What is compliance and why does it matter?

4 August, 2021 · 4 min read
Author
Team ANNA

When you first open a business account, there are lots of questions to answer. It can feel a little overwhelming and intrusive, but these questions are important – they’re part of a process called Customer Due Diligence. But the bit you’ll hear most about is compliance. We’re going to explain what compliance means, how it works, and why you’re faced with so many questions about your business. We also want to make compliance as straightforward and painless for you as possible, so we’re providing some tips on the best way to answer any questions.

Why all the questions in the first place?

Say hello to KYB, which stands for Know Your Business. It’s a mandatory process by which banks and financial institutions get to know their customers’ businesses and how they use their accounts to ensure everything is above board. 

At ANNA, we want to build strong business relationships with our customers and that starts with trust. The more we know about your business the smoother everything goes.

What exactly is compliance?

The Financial Conduct Authority (FCA) regulates the financial services industry in the UK. It exists to protect consumers, keep the industry stable, and promote healthy competition between financial service providers.

All banks and financial institutions - including ANNA - have to comply with FCA regulatory requirements when customers open a business account (that’s why it’s called compliance).  As well as being regulated by the FCA, we also operate under an e-money licence and are bound by the Electronic Money Regulations 2011.

This means we’re obliged to find out as much as possible about your business in order to protect your interests as an ANNA customer, keep your funds safe, and keep everything shipshape.

Ok. What does that mean for me?

It means that every so often we’ll contact you with questions about your business. We will ask you questions when you open your business account and when you use new services (such as making international payments) and we may ask you questions about specific transactions. They may be a bit boring but nothing too difficult! 

The questions may occasionally feel a bit inconvenient or intrusive, but please understand why we are asking them to meet all financial regulations. The better we know your business, the smoother your account will run. And the quicker you answer questions, the sooner you can get on with your business.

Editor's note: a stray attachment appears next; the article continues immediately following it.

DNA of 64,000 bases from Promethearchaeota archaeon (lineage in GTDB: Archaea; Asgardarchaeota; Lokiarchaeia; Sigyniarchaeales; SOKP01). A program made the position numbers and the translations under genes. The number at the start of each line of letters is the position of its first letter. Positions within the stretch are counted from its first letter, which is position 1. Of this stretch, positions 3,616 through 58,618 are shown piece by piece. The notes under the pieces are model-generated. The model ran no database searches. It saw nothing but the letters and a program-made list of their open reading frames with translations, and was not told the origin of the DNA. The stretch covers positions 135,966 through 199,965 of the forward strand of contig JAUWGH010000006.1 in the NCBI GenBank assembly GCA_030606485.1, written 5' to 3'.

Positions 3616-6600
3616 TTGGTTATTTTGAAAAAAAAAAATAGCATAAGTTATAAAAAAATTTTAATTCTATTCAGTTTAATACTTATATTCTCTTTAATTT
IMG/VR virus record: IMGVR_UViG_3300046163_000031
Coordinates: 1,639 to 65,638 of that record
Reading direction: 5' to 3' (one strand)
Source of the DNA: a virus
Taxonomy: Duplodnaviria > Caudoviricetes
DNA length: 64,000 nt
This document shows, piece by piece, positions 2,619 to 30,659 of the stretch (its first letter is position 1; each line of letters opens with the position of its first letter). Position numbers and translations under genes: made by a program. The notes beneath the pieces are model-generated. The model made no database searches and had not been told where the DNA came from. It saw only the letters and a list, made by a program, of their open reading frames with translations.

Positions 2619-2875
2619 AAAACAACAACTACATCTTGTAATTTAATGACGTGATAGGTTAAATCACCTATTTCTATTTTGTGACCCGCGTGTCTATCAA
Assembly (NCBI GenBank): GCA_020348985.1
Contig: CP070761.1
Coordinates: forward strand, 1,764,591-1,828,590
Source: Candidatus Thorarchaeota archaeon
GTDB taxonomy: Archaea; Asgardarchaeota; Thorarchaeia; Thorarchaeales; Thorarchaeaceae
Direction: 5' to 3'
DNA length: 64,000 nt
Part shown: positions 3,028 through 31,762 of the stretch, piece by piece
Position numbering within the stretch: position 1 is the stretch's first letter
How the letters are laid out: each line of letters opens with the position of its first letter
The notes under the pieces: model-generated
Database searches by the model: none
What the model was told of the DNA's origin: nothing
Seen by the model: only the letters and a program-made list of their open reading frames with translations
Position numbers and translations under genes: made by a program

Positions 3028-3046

To help you answer our questions properly, we’ve put together a few examples.

Example question 1: In your own words, please describe what your company does?

Weak answer: Consultancy.

Strong answer: Our company provides consultancy services regarding Agile, Kanban, and Scrum methodologies and how it could be applied to companies’ delivery processes. Our strategic partner is Modern Methodologies Limited. We currently provide our services to IT-C Global Vision Ltd. and IT Community Solutions UK Ltd.

Handy tip! One-word answers aren’t helpful to anyone. Detail, detail, and more detail will save us asking more questions.

Example question 2: What’s your business website address?

Weak answer: Here’s my personal Facebook link.

Strong answer: You can find:

Handy tip! Sharing your business website, along with any press articles about your business, show us how your business exists online. That’s more helpful than linking to your personal site or social media, as they don’t tell us anything about your business.

Example question 3: Can you tell us more about that transaction?

Weak answer: Payment to business partner.

Strong answer: East London Sugar Limited is our long-standing partner. They are conveniently located close to our bakery and provide us with sugar on a regular basis. This particular transaction is for 40 kg of sugar and 20 kg of powdered sugar we bought from them last week. The invoice is attached.

Handy tip! The more detail you can give us about your transactions, the sooner a transaction can be approved (and your payment can be released).

Conclusion

Running a business account is different from running a personal account, with a lot more questions and regulations. These can seem annoying, but the more information and detail you can provide, the smoother your account (and your business) will run!

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